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Convincing international evidence demonstrates that immigration detention adversely affects mental health. During the COVID-19 outbreak, additional concerns were raised about the safety and appropriateness of immigration detention. Consequently, several hundred migrants were released en masse from UK immigration detention centres, and few new detentions took place. Over 70% fewer migrants were held in detention centres in June 2020 compared with December 2019. This large ‘natural experiment’ has demonstrated that detaining fewer migrants is possible and it provides an opportunity to review the necessity for large-scale detention for the purpose of immigration control, as well as its impact on health inequalities. Additionally, given that detainee release arrangements had already been considered unsafe prior to the pandemic, clinicians and service providers should take into consideration that many of those released may not be receiving adequate post-release continuity of care.
This article considers the international legal obligations relevant to States when withdrawing from situations of armed conflict. While a growing literature has focused on precisely when armed conflicts come to a legal end, as well as obligations triggered by the cessation of active hostilities, comparatively little attention has been paid to the legal implications of withdrawals from armed conflict and the contours of the obligations relevant to States in doing so. Following in the wake of just war scholarship endeavouring to distil jus ex bello principles, this article examines States’ obligations when ending their participation in armed conflicts from the perspective of international humanitarian law (IHL). It shows that while it is generally understood that IHL ceases to apply at the end of armed conflict, this is in reality a significant simplification; a number of obligations actually endure. Such rules act as exceptions to the general temporal scope of IHL and continue to govern withdrawing States, in effect straddling the in bello and post bellum phases of armed conflict. The article then develops three key end-of-participation obligations: obligations governing detention and transfer of persons, obligations imposed by Article 1 common to the four Geneva Conventions, and obligations relating to accountability and the consequences of conflict.
Australia has instigated extreme extraterritorial border control policies to deter and deny people from entering its territory without permission. These include financial penalties for airline carriers who transport people without authority (including refugees); the use of Australian staff in foreign airports to assist in identifying people without permission to travel to Australia; utilization of surveillance technologies; interception of boats suspected of carrying people without permission to Australia; and the processing and detention of people arriving irregularly by boat in the pacific nations of Papua New Guinea and Nauru. Australia’s extraterritorial policies risk the return of refugees to countries where they fear persecution in contravention of Australia’s international obligations and result in the detention of vulnerable people in violation of international law. Australia’s excessive policies also undermine the international protection regime by setting a harmful example for other states who wish to deny refugees protection. Australia’s extraterritorial practices must be dismantled to ensure Australia complies with its international obligations. Australia should serve as a warning against the harmful impact of extraterritorial border control policies rather than an inspiration for any state considering adopting similar measures.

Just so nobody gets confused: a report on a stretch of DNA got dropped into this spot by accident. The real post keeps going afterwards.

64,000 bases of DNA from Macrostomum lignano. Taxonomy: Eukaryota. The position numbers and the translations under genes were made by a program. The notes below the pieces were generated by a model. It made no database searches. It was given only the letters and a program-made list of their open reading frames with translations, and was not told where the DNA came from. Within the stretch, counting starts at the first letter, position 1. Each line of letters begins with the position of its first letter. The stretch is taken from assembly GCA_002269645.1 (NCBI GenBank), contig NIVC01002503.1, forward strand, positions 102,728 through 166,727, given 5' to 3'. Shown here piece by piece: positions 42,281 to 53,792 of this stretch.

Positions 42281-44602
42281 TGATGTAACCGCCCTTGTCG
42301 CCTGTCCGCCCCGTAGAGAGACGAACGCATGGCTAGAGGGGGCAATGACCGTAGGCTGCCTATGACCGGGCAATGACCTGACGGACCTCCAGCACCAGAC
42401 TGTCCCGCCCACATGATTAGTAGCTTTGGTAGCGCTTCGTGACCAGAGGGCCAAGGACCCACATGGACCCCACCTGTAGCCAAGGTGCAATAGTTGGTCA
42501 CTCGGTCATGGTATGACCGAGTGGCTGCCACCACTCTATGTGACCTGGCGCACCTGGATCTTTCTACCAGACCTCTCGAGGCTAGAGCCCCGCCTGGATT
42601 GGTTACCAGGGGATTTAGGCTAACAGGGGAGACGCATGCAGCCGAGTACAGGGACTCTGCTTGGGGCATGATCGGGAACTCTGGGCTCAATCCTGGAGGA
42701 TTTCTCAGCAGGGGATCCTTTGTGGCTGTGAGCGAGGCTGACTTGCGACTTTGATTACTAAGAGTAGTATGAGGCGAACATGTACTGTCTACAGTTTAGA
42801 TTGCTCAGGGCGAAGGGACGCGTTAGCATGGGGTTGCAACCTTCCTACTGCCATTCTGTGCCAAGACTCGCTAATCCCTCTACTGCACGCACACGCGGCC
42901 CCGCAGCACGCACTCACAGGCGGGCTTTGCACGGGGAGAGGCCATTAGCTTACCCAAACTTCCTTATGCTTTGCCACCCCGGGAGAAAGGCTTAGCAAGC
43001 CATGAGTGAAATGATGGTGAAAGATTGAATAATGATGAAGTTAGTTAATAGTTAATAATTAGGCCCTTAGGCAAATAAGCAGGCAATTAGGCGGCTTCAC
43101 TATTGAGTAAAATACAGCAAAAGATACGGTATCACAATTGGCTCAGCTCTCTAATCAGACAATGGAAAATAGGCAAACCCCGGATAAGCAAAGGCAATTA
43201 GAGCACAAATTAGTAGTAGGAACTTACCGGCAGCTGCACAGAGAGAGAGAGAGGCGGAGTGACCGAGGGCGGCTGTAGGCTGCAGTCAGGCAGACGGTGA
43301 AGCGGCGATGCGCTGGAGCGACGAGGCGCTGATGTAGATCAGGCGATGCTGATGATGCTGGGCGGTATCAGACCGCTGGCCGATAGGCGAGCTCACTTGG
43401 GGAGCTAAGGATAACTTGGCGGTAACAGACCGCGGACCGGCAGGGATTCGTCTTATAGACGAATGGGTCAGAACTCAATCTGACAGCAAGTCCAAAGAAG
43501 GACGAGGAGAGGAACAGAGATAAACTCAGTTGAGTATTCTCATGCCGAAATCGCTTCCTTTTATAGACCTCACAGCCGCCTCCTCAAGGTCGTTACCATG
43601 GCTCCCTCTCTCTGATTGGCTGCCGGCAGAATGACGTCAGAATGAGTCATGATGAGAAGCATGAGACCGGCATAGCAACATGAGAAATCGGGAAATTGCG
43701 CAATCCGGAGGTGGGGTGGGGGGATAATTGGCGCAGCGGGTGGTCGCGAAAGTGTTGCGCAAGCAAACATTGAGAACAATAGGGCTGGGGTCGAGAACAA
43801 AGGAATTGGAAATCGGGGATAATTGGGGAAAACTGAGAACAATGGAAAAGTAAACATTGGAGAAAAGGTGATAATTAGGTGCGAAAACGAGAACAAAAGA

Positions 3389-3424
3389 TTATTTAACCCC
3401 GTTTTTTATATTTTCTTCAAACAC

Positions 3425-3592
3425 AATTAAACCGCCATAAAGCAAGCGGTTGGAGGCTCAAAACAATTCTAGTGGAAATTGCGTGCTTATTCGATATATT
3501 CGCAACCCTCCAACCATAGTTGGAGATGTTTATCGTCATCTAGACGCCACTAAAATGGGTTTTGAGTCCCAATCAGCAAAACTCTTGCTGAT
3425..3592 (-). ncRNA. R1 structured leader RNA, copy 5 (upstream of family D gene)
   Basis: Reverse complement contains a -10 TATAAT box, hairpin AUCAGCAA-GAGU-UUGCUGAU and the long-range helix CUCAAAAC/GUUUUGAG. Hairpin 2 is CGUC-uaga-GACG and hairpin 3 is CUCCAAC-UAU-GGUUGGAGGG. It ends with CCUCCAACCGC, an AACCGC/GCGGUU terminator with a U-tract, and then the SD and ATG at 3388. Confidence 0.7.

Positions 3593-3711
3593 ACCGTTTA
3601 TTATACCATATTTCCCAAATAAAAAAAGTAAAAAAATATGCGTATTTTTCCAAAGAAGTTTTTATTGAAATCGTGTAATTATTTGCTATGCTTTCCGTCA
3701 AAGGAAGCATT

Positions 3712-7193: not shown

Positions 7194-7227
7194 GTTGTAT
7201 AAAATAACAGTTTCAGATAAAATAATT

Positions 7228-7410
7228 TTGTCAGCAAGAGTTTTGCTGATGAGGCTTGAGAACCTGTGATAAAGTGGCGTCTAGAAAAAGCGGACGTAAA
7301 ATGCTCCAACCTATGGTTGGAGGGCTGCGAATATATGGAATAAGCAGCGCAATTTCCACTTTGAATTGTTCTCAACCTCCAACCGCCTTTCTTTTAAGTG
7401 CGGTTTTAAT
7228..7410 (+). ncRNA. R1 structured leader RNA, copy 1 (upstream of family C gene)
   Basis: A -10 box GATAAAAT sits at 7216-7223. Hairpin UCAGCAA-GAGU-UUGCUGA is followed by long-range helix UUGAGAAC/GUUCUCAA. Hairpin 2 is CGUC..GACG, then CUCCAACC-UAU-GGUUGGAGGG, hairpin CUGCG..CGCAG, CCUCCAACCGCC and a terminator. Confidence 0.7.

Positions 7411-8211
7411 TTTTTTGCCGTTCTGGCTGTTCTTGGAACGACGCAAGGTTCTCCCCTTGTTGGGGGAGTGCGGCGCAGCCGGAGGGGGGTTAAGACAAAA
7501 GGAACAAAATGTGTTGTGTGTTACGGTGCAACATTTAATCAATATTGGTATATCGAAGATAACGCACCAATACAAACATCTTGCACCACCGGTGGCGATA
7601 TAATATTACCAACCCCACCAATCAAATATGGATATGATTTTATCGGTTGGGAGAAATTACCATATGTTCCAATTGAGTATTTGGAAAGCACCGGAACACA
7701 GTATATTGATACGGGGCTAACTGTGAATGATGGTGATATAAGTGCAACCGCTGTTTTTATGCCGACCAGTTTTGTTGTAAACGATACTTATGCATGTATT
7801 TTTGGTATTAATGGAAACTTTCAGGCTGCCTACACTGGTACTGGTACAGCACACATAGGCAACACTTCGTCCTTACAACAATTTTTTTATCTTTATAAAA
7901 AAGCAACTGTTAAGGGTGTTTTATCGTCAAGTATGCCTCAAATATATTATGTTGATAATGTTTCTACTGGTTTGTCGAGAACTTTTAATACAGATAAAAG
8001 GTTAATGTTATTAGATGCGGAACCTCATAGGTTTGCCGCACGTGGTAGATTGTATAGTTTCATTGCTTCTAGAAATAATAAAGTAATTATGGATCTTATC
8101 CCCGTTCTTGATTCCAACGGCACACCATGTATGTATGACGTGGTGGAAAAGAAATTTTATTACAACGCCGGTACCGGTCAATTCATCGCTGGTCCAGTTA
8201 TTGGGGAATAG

This chapter explores the contrasting use of ordinances to detain two men thought to be Britain’s principal political enemies in West Africa in the 1890s. It begins with the deposition and exile of Prempeh of Asante in 1896. Under Prempeh, the Asante kingdom began to revive after its decline since the war of 1873–1874. Britain now sought to bring it under its influence, by inducing Prempeh to sign a treaty of protection. When he persistently refused to accept a Resident, colonial officials in Accra generated a pretext to invade Asante. Once there, Governor Maxwell decided to detain Prempeh, though he was no rebel, had not engaged in war, and had breached no treaty. His detention and ultimate exile was the result of pure imperial aggression and the perception that he needed to be removed to secure British control of Asante. It was unconstrained by any conception of the rule of law. By contrast, Bai Bureh, who was held responsible for the outbreak of the Hut Tax revolt in Sierra Leone in 1898, was held under an ad hominem ordinance after the Law Officers reported that he could not be tried for treason or rebellion in the newly proclaimed protectorate, not being a subject.
This chapter looks at the use of martial law to detain and try British subjects in the Cape and Natal in the Anglo-Boer War, and the legal questions raised. Since the legal nature of martial law was still contested, its ambit was a matter of negotiation between various parties, military and civilian, imperial and colonial. This is shown through the debates over the creation and role of a special court to deal with rebels, and over the introduction of a limited form of martial law in the Cape ports. The right of the military to detain under martial law was repeatedly challenged in litigation which revealed that the attitude of the judges in the Cape courts was often much more liberal than that of those in the Privy Council. The Cape legislature was also unwilling to indemnify the military for its actions unless the sentences of those held in prison as a result of martial law trials were reviewed and revised. This chapter shows that, while Cape politicians often sought to rein in martial law powers by subjecting them to common law tests, both the military authorities and judges in London were more prepared to concede the executive exceptional powers in times of perceived emergency.